C++ FAQ Celebrating Twenty-One Years of the C++ FAQ!!!
(Click here for a personal note from Marshall Cline.)
Section 10:
10.1 What's the deal with constructors?
10.2 Is there any difference between List x; and List x();?
10.3 Can one constructor of a class call another constructor of the same class to initialize the this object? Updated!
10.4 Is the default constructor for Fred always Fred::Fred()?
10.5 Which constructor gets called when I create an array of Fred objects?
10.6 Should my constructors use "initialization lists" or "assignment"?
10.7 Should you use the this pointer in the constructor?
10.8 What is the "Named Constructor Idiom"?
10.9 Does return-by-value mean extra copies and extra overhead?
10.10 Does the compiler optimize returning a local variable by value?
10.11 Why can't I initialize my static member data in my constructor's initialization list?
10.12 Why are classes with static data members getting linker errors?
10.13 Can I add = initializer; to the declaration of a class-scope static const data member?
10.14 What's the "static initialization order fiasco"?
10.15 How do I prevent the "static initialization order fiasco"?
10.16 Why doesn't the construct-on-first-use idiom use a static object instead of a static pointer?
10.17 How do I prevent the "static initialization order fiasco" for my static data members?
10.18 Do I need to worry about the "static initialization order fiasco" for variables of built-in/intrinsic types?
10.19 How can I handle a constructor that fails?
10.20 What is the "Named Parameter Idiom"?
10.21 Why am I getting an error after declaring a Foo object via Foo x(Bar())?
10.22 What is the purpose of the explicit keyword?
[10.21] Why am I getting an error after declaring a Foo object via Foo x(Bar())?

Because that doesn't create a Foo object - it declares a non-member function that returns a Foo object.

This is really going to hurt; you might want to sit down.

First, here's a better explanation of the problem. Suppose there is a class called Bar that has a default ctor. This might even be a library class such as std::string, but for now we'll just call it Bar:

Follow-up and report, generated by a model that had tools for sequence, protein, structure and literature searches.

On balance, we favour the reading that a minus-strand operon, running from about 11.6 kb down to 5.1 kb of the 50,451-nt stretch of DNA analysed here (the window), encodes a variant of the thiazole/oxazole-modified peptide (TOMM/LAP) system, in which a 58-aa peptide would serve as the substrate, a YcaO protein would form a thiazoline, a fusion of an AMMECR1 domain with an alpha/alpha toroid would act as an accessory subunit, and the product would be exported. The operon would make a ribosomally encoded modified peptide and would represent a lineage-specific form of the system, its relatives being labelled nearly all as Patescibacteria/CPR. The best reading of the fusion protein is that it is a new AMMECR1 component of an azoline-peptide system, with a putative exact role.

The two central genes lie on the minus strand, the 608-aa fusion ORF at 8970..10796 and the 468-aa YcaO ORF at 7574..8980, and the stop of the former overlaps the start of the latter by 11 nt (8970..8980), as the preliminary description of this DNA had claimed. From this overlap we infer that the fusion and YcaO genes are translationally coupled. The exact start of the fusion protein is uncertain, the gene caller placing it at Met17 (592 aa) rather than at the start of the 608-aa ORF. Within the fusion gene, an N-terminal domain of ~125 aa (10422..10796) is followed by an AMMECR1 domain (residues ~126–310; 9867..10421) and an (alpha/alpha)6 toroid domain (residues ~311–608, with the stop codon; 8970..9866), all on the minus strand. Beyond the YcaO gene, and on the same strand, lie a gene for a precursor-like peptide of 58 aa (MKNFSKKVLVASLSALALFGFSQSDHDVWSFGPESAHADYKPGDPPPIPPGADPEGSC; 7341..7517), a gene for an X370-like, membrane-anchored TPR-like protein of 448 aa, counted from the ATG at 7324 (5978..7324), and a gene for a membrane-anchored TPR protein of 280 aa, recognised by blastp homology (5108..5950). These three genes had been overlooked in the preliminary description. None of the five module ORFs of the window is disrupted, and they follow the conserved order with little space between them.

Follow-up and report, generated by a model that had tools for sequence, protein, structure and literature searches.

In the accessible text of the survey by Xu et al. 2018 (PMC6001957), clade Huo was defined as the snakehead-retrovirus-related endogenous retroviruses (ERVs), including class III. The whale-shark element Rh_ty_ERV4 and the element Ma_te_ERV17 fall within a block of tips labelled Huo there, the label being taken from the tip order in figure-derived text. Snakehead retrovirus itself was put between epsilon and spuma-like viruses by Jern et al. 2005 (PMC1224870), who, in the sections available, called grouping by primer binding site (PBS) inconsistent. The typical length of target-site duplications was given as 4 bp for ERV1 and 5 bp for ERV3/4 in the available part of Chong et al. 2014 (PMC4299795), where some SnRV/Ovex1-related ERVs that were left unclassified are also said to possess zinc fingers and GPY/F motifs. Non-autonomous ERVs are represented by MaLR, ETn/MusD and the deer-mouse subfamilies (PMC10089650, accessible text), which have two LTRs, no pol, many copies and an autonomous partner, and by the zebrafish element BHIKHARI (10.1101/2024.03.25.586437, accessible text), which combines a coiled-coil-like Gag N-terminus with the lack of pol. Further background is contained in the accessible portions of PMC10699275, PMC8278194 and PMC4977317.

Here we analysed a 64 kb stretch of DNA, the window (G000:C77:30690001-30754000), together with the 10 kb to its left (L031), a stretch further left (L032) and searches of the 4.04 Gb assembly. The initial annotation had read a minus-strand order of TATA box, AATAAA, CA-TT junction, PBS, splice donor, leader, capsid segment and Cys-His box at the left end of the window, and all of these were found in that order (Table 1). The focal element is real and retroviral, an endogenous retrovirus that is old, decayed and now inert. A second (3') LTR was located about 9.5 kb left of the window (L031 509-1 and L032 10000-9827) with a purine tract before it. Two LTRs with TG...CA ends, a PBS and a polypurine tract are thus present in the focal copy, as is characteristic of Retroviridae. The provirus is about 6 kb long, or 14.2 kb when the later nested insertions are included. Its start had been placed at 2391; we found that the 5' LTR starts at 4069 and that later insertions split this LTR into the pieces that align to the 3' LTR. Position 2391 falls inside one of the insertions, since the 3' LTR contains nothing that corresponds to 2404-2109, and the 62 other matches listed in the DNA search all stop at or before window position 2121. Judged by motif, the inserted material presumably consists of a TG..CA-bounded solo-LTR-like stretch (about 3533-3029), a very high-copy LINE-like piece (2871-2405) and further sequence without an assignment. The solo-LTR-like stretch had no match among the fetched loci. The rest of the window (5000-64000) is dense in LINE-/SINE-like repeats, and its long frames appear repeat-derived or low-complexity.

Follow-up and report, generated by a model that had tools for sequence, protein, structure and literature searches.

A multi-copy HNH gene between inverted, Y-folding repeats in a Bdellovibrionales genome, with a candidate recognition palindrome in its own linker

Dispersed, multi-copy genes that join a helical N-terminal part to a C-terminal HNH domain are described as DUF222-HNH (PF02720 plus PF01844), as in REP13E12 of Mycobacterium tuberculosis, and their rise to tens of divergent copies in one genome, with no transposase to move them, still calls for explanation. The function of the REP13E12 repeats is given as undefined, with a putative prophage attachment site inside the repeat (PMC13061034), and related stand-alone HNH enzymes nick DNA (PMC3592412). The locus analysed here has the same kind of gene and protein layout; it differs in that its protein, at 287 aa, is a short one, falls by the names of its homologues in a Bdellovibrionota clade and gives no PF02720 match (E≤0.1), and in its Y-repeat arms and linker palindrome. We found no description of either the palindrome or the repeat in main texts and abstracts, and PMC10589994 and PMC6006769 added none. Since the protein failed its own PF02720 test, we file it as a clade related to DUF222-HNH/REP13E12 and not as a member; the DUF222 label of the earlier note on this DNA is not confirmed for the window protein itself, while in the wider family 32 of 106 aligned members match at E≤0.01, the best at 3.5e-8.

class Bar {
public:
  Bar();
  ...
};
Now suppose there's another class called Foo that has a ctor that takes a Bar. As before, this might be defined by someone other than you.
class Foo {
public:
  Foo(Bar const& b);  // or perhaps Foo(Bar b)
  ...
  void blah();
  ...
};
Now you want to create a Foo object using a temporary Bar. In other words, you want to create an object via Bar(), and pass that to the Foo ctor to create a local Foo object called x:
void yourCode()
{
  Foo x(Bar());   you think this creates a Foo object called x...
  x.blah();       ...but it doesn't, so this line gives you a bizarre error message
  ...
}
It's a long story, but one solution (hope you're sitting down!) is to add an extra pair of ()s around the Bar() part:
void yourCode()
{
  Foo x((Bar()));
        ^-----^-----  These parens save the day
  x.blah();           Ahhhh, this works now — no more error messages
  ...
}
Another solution is to use = in your declaration (see the fine print below):
void yourCode()
{
  Foo x = Foo(Bar());   Yes, Virginia, that thar syntax works; see below for fine print
  x.blah();             Ahhhh, this works now — no more error messages
  ...
}
Note: The above solution requires yourCode() to be able to access the Foo copy constructor. In most situations that means the Foo copy constructor needs to be public, though it needn't be public in the less common case where yourCode() is a friend of class Foo. If you're not sure what any of that means, try it: if your code compiles, you passed the test.

Here's another solution (more fine print below):

void yourCode()
{
  Foo x = Bar();   Usually works; see below for fine print on "usually"
  x.blah();
  ...
}
Note: The word "usually" in the above means this: the above fails only when Foo::Foo(Bar const&) constructor is explicit, or when Foo's copy constructor is inaccessible (typically when it is private or protected, and your code is not a friend). If you're not sure what any of that means, take 60 seconds and compile it. You are guaranteed to find out whether it works or fails at compile-time, so if it compiles cleanly, it will work at runtime.

Okay, that's the end of the solutions; the rest of this is about why this is needed (this is optional; you can skip this section if you don't care enough about your career to actually understand what's going on; ha ha): When the compiler sees Foo x(Bar()), it thinks that the Bar() part is declaring a non-member function that returns a Bar object, so it thinks you are declaring the existence of a function called x that returns a Foo and that takes as a single parameter of type "non-member function that takes nothing and returns a Bar."

Now here's the sad part. In fact it's pathetic. Some mindless drone out there is going to skip that last paragraph, then they're going to impose a bizarre, incorrect, irrelevant, and just plain stupid coding standard that says something like, "Never create temporaries using a default constructor" or "Always use = in all initializations" or something else equally inane. If that's you, please fire yourself before you do any more damage. Those who don't understand the problem shouldn't tell others how to solve it. Harumph.

(Okay, that was mostly tongue in cheek. But there's a grain of truth in it. The real problem is that people tend to worship consistency, and they tend to extrapolate from the obscure to the common. That's not wise.)